Posted: Wednesday, June 8, 2016. 4:32 p.m. CST
By BBN Staff: The World Bank, in its latest economic prospects report, downgraded its 2016 global growth forecast to 2.4 percent from the 2.9 percent pace projected in January. And though the global outlook is not good, Belize and other countries in the Caribbean and Central American region are expected to see meager GDP growth.
According to the World Bank, the downgrade is due to sluggish growth in advanced economies, stubbornly low commodity prices, weak global trade, and diminishing capital flows.
The World Bank has predicted a 0.8 GDP growth for Belize in 2016, 1.8 in 2017 and 2.2 in 2018.
The report also noted that poor weather conditions and drought took a toll on Belize’s agricultural production over the last year and affected the country’s output.
Latin America has contracted mainly because of struggling economies in Venezuela, Argentina and Brazil. Mexico, Central America and the Caribbean, however, have registered relatively stronger growth due to their close economic ties to a steadily growing United States, the World Bank said. The Caribbean in particular has benefited from a booming tourism industry, it added.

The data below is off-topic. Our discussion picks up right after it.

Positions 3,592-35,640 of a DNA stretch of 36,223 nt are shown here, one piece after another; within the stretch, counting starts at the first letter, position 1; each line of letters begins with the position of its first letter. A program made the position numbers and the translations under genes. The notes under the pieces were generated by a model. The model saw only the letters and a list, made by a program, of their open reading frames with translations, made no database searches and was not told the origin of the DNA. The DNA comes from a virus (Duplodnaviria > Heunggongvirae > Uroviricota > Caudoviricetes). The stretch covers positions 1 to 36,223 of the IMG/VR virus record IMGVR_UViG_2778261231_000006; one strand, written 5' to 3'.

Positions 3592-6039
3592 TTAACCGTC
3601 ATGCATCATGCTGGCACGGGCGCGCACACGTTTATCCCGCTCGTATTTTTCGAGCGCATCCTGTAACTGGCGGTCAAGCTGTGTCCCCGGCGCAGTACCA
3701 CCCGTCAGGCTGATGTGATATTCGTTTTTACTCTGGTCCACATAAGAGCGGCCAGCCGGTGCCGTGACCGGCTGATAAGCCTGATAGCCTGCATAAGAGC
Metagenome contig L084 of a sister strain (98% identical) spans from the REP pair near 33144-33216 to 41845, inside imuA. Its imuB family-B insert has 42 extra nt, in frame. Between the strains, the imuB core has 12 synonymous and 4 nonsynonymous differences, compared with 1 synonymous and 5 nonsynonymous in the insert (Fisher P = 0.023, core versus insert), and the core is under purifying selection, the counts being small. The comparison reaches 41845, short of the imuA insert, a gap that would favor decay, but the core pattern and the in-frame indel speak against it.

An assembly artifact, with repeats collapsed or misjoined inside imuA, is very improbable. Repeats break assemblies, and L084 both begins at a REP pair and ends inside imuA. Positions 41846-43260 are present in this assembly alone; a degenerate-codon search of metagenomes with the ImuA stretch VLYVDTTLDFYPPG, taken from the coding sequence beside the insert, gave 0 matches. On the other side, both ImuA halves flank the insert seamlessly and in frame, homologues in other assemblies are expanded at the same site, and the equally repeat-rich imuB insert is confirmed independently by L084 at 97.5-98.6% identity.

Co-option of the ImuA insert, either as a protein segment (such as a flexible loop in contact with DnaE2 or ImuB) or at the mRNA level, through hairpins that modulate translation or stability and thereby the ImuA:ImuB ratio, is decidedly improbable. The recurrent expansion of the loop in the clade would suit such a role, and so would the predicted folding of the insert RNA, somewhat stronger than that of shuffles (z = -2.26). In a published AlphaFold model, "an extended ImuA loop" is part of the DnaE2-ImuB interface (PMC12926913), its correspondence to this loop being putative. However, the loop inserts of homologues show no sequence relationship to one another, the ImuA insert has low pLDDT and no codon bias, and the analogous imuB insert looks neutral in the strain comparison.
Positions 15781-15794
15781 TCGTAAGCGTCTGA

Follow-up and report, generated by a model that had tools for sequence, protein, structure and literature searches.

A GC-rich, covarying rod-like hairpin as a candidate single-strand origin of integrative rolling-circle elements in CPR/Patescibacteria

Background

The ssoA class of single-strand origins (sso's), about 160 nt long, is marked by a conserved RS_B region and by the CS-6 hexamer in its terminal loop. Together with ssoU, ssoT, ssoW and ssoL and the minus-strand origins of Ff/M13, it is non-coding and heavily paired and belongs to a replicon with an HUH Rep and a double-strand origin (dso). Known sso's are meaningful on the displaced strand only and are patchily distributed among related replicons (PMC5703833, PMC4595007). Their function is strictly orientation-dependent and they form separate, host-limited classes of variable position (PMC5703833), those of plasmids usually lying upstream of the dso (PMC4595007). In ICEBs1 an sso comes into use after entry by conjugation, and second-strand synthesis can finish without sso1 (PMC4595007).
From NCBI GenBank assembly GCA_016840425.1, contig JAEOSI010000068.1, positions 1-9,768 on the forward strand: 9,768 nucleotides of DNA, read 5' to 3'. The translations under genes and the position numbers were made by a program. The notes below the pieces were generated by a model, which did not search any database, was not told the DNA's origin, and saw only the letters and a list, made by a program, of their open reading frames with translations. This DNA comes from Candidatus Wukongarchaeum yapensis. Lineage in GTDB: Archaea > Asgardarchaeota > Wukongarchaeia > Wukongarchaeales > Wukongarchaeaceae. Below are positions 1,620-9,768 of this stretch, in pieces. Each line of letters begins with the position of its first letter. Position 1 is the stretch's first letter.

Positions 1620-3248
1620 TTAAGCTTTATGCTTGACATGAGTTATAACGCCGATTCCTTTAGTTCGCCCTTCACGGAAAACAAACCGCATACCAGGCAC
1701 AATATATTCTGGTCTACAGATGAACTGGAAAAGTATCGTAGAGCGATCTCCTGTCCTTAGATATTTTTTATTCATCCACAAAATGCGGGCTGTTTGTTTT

Despite strong tourism, growth in the Caribbean region will slow in 2016, the report noted, representing a normalization from a bumper year in 2015. Major tourism-associated construction is winding down, and a number of Caribbean economies are pursuing fiscal consolidation to strengthen public finances and lower heavy public debt burdens, it said.
While the Zika virus outbreak poses a substantial downside risk, tourism is expected to continue to expand and support growth. Fiscal consolidation in several Caribbean countries will weigh on growth in the medium-term, it added.
“This sluggish growth underscores why it’s critically important for countries to pursue policies that will boost economic growth and improve the lives of those living in extreme poverty,” World Bank Group President Jim Yong Kim said.
“Economic growth remains the most important driver of poverty reduction, and that’s why we’re very concerned that growth is slowing sharply in commodity-exporting developing countries due to depressed commodity prices.”
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